Depending on the circumstances, shoplifting can be hard to prove, or not serious enough to pursue in court. Nontheless, to maximize your chances of avoiding fines, jail time, a criminal record and diminished employment options, you should seek legal counsel immediately.

If you have questions about a shoplifting related charge, call Rishi Gill at 604.899.1436. Your initial consultation with Rishi is no charge and includes a review of your case, possible defences and courses of action. When you call, you will speak to Rishi Gill directly (not a paralegal or assistant), so you can be assured that the counsel you receive will be timely and discrete.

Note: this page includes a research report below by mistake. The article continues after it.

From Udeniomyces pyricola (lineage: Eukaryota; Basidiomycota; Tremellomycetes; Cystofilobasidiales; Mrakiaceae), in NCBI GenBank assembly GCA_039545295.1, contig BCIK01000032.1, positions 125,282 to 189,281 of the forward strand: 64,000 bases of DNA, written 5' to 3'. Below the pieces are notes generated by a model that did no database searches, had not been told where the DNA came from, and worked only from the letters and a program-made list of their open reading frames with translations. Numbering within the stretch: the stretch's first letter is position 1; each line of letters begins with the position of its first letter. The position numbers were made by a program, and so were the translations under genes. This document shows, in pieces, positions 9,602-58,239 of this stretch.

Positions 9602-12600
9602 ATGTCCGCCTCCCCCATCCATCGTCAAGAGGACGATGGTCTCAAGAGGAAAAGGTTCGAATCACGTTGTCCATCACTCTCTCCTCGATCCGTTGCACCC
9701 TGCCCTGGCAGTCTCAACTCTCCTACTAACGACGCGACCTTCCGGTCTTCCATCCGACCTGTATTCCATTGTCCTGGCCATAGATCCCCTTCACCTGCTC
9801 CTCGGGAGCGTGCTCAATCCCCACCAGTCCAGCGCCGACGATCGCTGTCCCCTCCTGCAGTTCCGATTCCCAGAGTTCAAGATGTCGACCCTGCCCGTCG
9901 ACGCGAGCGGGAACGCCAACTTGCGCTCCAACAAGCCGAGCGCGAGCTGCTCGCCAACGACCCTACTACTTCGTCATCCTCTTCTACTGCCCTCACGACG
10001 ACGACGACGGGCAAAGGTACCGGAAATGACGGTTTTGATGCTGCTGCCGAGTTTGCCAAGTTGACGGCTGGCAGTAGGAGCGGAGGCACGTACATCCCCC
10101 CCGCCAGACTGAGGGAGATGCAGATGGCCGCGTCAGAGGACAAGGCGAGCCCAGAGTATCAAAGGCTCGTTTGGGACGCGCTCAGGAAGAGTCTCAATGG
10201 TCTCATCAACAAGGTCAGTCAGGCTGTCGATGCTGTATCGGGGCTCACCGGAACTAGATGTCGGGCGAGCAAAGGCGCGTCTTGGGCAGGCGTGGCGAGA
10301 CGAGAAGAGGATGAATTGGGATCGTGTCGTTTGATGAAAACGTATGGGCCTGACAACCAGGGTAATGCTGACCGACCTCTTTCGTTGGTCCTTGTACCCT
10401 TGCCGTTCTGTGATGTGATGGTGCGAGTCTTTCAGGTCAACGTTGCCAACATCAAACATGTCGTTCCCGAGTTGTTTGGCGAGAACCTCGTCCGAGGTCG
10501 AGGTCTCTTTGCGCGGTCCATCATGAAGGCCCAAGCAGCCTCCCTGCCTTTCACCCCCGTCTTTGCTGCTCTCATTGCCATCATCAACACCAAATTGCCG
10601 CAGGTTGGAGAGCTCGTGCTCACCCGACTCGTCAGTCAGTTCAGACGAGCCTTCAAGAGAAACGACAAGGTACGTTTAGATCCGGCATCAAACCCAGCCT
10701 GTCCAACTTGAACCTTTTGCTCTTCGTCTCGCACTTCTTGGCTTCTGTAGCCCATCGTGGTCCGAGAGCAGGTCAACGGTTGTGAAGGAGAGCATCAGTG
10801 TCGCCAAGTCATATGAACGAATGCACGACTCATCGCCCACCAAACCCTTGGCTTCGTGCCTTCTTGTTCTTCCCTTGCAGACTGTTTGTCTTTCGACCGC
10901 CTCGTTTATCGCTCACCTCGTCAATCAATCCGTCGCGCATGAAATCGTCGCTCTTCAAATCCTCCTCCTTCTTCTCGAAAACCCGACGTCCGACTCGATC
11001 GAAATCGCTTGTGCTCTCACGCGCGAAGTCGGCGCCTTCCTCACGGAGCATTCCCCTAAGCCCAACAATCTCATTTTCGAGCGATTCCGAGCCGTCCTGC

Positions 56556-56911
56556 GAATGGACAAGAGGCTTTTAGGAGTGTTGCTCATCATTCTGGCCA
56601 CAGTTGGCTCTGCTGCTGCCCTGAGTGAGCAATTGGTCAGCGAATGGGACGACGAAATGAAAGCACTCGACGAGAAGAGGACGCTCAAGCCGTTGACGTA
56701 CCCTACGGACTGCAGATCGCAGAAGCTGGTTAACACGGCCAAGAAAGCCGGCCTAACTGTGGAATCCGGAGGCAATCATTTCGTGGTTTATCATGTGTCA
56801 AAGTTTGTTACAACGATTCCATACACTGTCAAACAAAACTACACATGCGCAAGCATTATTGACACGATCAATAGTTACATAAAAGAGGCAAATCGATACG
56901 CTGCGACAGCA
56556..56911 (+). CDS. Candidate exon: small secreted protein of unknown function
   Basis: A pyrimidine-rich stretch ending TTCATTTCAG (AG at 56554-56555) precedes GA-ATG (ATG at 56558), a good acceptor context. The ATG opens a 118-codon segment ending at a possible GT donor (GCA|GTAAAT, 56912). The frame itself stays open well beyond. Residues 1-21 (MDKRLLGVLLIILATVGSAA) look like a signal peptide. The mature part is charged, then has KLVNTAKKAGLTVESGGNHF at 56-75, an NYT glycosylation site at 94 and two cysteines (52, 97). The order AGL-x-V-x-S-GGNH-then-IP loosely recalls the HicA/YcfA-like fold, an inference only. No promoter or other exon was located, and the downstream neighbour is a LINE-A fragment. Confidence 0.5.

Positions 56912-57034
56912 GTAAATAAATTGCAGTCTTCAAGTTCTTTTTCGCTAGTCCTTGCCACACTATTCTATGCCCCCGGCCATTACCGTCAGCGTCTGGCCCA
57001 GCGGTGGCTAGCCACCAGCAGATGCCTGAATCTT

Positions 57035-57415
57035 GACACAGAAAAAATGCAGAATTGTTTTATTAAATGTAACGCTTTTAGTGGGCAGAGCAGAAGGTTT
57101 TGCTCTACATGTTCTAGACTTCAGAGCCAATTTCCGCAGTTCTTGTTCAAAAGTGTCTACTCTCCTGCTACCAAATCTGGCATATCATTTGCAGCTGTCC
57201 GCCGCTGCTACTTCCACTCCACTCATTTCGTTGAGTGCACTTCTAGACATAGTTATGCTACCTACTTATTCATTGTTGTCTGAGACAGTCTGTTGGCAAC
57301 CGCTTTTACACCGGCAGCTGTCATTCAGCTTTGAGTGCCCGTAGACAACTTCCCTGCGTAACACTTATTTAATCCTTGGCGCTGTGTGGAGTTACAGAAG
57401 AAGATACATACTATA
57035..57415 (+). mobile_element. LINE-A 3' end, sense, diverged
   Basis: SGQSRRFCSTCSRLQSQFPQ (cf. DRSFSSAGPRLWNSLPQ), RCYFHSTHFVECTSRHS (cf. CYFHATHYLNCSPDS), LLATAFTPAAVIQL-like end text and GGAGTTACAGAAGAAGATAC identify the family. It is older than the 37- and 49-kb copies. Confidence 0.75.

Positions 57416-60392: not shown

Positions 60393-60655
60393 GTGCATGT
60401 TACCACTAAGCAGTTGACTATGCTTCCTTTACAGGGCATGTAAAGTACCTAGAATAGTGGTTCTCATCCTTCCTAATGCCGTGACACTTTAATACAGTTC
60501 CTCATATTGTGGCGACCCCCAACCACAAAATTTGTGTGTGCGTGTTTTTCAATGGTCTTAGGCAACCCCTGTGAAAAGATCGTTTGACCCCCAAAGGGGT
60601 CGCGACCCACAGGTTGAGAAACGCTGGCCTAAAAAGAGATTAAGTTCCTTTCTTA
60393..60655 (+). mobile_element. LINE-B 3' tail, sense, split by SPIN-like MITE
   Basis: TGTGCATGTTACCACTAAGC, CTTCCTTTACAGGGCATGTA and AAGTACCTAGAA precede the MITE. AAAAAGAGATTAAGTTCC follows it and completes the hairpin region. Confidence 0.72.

What’s the law on shoplifting in Canada?

Theft charges are prosecuted under sections 322–334 of the criminal code. If you’re caught shoplifting in Canada, you can be charged with the crime of theft. Theft is a property crime that can be applied in any circumstance from shoplifting a chocolate bar to stealing a car or jewellery.

What happens if I get convicted of shoplifting?

The Canadian courts make a distinction between theft under $5,000, which can result in a maximum penalty of 2 years in prison, and theft over $5,000, which carries a maximum sentence of 10 years in prison. Less serious offences are charged as summary offences and more serious offences are indictable.